Sunday, 27 February 2011
Letters from Therese, who died last year. A booklet on ‘handling grief’ given to me by the hospital when Mum had just died. And then an envelope full of bits and pieces of hers – her scratchy writing, little notes, bills, a signed blank cheque. And I just started sobbing all over again. Thankful that I could, that there was no-one to hear my sobs turn into howls, apart from the dogs.
I have been thinking about my parents a lot lately. Since I became ill, to be precise. My chest infection came seemingly out of nowhere. I had no cold, no sore throat to presage it. As usual it worried me. I have had weak lungs since childhood; bronchitis and I have been on first name terms; I’ve been hospitalised for pneumonia.
It runs in the family. My father died of lung cancer; my mother of pleural empyema. I tried to write about it the other night but could only come up with disjointed words (hence most certainly not a poem).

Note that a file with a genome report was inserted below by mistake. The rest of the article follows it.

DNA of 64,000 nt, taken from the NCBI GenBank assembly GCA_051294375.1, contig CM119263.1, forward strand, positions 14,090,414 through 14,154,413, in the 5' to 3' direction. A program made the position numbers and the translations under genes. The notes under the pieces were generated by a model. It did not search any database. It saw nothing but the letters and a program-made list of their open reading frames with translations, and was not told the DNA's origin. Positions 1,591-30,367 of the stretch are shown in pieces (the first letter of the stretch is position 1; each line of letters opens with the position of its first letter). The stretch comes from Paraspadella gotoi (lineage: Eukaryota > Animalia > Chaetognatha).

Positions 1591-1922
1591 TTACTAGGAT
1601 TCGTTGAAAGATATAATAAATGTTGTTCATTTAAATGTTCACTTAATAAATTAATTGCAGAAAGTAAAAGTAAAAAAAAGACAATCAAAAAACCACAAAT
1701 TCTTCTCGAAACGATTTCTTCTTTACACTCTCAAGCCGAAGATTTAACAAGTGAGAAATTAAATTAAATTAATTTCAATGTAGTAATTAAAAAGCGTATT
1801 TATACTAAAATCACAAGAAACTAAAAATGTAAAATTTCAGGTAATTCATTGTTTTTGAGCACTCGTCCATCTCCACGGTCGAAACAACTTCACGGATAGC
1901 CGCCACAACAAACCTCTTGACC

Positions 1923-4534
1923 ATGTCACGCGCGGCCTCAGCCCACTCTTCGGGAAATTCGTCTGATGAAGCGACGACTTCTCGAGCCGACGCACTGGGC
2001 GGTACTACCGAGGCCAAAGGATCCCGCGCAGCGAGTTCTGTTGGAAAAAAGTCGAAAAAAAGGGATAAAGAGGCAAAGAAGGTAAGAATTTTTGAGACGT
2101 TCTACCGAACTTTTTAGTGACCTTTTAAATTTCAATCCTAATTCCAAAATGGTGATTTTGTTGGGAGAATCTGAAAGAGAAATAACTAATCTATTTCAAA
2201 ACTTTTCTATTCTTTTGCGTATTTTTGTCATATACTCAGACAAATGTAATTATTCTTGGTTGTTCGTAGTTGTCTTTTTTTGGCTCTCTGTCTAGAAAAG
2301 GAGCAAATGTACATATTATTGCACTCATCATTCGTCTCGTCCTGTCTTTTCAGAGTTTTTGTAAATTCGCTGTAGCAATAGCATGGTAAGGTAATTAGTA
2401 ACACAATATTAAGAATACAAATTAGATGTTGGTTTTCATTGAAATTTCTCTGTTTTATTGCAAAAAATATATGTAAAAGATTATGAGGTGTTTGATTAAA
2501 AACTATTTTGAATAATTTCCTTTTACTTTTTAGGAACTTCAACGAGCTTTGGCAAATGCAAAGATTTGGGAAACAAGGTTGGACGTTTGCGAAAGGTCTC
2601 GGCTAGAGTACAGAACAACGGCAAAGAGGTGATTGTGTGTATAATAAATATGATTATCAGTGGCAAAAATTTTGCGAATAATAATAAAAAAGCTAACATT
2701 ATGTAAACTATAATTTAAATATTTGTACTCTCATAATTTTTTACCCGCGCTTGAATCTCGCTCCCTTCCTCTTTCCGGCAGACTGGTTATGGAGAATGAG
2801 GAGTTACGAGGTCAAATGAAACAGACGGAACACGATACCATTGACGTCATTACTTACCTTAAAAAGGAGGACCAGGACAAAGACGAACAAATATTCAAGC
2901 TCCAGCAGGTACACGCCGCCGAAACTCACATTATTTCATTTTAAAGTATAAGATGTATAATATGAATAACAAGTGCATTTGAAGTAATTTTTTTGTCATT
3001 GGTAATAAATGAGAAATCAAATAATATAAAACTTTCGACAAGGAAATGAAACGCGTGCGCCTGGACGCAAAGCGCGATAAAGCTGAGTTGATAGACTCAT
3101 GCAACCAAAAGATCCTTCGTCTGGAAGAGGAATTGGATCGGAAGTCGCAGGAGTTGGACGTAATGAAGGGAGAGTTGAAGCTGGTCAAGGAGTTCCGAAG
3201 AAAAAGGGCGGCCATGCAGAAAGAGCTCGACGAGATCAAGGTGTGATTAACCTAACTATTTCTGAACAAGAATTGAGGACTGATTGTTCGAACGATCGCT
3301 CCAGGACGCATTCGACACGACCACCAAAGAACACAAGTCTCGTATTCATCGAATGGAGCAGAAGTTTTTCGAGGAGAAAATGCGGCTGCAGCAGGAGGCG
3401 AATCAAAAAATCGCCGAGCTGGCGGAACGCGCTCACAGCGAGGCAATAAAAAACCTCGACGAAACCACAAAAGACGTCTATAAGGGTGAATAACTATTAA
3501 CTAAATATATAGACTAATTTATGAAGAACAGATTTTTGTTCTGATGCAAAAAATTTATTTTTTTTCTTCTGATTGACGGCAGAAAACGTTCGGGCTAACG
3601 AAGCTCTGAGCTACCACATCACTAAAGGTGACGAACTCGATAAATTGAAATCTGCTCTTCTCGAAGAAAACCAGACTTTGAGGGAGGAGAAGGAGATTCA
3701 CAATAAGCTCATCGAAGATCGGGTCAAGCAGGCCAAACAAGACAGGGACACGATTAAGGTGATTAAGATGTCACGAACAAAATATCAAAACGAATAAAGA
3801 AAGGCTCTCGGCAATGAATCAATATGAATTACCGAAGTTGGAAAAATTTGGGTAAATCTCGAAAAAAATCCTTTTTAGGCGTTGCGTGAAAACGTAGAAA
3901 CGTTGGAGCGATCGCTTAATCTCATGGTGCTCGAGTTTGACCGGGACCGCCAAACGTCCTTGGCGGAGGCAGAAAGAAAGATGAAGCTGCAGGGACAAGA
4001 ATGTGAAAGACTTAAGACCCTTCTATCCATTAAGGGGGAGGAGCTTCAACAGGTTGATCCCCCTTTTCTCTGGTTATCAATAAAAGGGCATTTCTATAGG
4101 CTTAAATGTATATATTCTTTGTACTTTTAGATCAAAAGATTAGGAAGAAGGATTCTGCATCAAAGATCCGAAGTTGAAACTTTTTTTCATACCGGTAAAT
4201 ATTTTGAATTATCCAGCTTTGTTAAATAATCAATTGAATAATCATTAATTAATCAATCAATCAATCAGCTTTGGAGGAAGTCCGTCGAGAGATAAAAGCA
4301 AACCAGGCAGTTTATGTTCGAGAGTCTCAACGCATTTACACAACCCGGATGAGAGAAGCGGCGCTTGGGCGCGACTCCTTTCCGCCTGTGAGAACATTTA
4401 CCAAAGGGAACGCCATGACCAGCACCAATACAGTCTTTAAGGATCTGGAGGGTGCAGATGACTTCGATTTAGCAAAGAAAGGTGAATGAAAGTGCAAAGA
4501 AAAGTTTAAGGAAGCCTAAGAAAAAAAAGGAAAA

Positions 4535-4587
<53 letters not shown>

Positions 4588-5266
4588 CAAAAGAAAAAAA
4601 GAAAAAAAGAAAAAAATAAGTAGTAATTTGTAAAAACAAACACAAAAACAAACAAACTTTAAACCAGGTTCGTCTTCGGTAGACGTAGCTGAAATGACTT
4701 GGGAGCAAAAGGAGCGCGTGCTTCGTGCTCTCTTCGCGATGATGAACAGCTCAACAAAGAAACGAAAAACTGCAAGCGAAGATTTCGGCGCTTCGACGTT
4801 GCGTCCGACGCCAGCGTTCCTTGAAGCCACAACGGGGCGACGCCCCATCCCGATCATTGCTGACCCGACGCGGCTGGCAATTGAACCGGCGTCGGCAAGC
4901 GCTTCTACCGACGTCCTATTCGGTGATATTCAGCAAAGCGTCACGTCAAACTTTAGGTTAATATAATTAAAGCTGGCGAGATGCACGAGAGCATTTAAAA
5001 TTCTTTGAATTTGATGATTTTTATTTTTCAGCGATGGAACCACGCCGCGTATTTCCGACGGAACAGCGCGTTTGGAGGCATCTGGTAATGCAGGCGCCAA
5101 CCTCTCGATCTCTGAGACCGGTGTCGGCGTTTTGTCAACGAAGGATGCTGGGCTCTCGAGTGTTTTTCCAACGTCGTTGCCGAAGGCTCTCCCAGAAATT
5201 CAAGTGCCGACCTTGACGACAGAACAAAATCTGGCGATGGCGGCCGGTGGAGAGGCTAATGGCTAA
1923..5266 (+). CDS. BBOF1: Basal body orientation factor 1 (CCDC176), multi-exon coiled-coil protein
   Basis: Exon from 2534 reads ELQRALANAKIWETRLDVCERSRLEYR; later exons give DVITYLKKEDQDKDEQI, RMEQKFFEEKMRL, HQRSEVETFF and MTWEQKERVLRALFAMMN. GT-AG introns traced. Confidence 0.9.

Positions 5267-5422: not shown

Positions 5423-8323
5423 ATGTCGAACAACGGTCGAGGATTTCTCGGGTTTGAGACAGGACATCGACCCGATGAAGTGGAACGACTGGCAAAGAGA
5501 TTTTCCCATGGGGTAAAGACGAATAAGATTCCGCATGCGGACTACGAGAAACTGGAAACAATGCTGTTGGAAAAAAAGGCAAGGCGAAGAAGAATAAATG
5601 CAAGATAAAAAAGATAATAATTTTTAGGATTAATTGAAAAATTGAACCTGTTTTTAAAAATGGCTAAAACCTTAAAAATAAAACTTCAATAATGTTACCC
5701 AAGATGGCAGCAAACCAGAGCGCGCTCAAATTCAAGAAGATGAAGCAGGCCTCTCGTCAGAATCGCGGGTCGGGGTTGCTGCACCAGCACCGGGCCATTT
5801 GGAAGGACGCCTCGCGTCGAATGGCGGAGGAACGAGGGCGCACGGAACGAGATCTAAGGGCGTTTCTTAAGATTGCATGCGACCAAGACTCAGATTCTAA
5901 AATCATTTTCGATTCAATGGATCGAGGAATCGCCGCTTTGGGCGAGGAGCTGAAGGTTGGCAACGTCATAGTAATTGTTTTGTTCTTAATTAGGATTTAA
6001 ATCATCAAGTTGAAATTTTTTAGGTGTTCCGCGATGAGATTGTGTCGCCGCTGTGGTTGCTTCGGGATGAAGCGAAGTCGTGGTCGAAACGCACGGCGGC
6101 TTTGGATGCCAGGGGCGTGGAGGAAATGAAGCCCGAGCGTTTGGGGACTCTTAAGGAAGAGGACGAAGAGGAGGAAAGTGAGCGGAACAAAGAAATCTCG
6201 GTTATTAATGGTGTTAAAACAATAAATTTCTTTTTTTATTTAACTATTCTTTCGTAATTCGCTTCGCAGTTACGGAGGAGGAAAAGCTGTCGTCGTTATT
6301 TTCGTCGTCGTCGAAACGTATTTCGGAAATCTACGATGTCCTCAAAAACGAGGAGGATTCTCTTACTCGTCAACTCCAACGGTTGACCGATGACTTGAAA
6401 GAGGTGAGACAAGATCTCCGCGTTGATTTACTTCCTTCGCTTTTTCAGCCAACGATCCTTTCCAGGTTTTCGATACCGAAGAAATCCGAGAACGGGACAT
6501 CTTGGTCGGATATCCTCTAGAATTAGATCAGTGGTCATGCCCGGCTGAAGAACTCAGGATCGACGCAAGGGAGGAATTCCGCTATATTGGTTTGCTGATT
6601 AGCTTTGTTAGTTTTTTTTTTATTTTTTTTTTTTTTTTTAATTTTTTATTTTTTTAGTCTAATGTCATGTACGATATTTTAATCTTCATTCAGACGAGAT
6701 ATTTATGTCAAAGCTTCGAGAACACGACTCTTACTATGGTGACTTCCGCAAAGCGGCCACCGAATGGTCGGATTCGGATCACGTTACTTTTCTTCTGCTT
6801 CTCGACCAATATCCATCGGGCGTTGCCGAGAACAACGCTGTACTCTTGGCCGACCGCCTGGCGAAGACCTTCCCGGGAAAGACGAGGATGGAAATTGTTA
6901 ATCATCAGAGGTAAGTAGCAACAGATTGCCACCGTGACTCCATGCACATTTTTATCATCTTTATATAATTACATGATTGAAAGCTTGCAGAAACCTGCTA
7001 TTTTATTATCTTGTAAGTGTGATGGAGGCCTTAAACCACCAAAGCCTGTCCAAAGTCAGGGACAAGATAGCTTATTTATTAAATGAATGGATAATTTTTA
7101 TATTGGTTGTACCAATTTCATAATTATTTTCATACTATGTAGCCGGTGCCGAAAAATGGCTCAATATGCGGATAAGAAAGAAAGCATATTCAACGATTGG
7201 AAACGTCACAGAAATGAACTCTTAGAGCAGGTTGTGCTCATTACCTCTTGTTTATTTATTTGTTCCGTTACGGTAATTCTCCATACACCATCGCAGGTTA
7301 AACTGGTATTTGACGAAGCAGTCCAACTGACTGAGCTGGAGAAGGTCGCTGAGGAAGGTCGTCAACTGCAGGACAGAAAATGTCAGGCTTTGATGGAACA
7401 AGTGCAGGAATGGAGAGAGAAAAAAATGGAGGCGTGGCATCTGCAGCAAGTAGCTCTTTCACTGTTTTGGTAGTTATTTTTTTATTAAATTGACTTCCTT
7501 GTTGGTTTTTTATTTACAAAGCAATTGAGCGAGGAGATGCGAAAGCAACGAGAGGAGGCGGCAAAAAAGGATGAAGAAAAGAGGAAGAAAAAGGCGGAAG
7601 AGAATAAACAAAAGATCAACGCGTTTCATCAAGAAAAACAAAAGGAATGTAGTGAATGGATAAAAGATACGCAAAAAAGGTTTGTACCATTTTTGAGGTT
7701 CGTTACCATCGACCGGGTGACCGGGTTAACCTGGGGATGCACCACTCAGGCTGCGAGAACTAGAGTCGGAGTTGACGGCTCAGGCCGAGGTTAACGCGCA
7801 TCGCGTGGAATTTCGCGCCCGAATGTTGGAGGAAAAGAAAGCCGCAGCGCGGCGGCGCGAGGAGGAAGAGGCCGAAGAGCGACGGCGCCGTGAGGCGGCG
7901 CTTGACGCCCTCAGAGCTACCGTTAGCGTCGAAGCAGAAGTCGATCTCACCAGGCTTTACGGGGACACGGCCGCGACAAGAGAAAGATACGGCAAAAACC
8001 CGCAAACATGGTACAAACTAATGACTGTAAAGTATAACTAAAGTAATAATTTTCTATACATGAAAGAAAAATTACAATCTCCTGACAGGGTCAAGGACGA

Both my parents died
betrayed by breath.
Father courted cancer,
inhaled the Cell Shifter,
hugged it close;
permitted the past to eat his future
Consumed by sadness,
rejection locked deep within
Mother hoarded secrets:
a dragon’s lair of loss
Betrayal and sick seduction,
shame locked tight to ice.
Nothing moves in winter’s hold.
too weak, heart broken, to break out.
Flesh turned shell, then stone.
My sad (inhe)rit(anc)e
(b)eaten black and blue.
Blue of ice,
black of decay.
Legacy of fear.
PNI (psychoneurimmunology) think so. But what if we’ve made a deal? If we’re already signed the pact? Can we renegotiate? Can we renege? That’s what I’ve been worrying at this last week. Because, see, I think I accepted the pact a long, long time ago. I nodded and took the hand of the Dark Lord, sad lost Persephone in a sea of poppies, feeling life was over anyhow so nothing of value was lost.
Now I take a deep breath and lift a knight.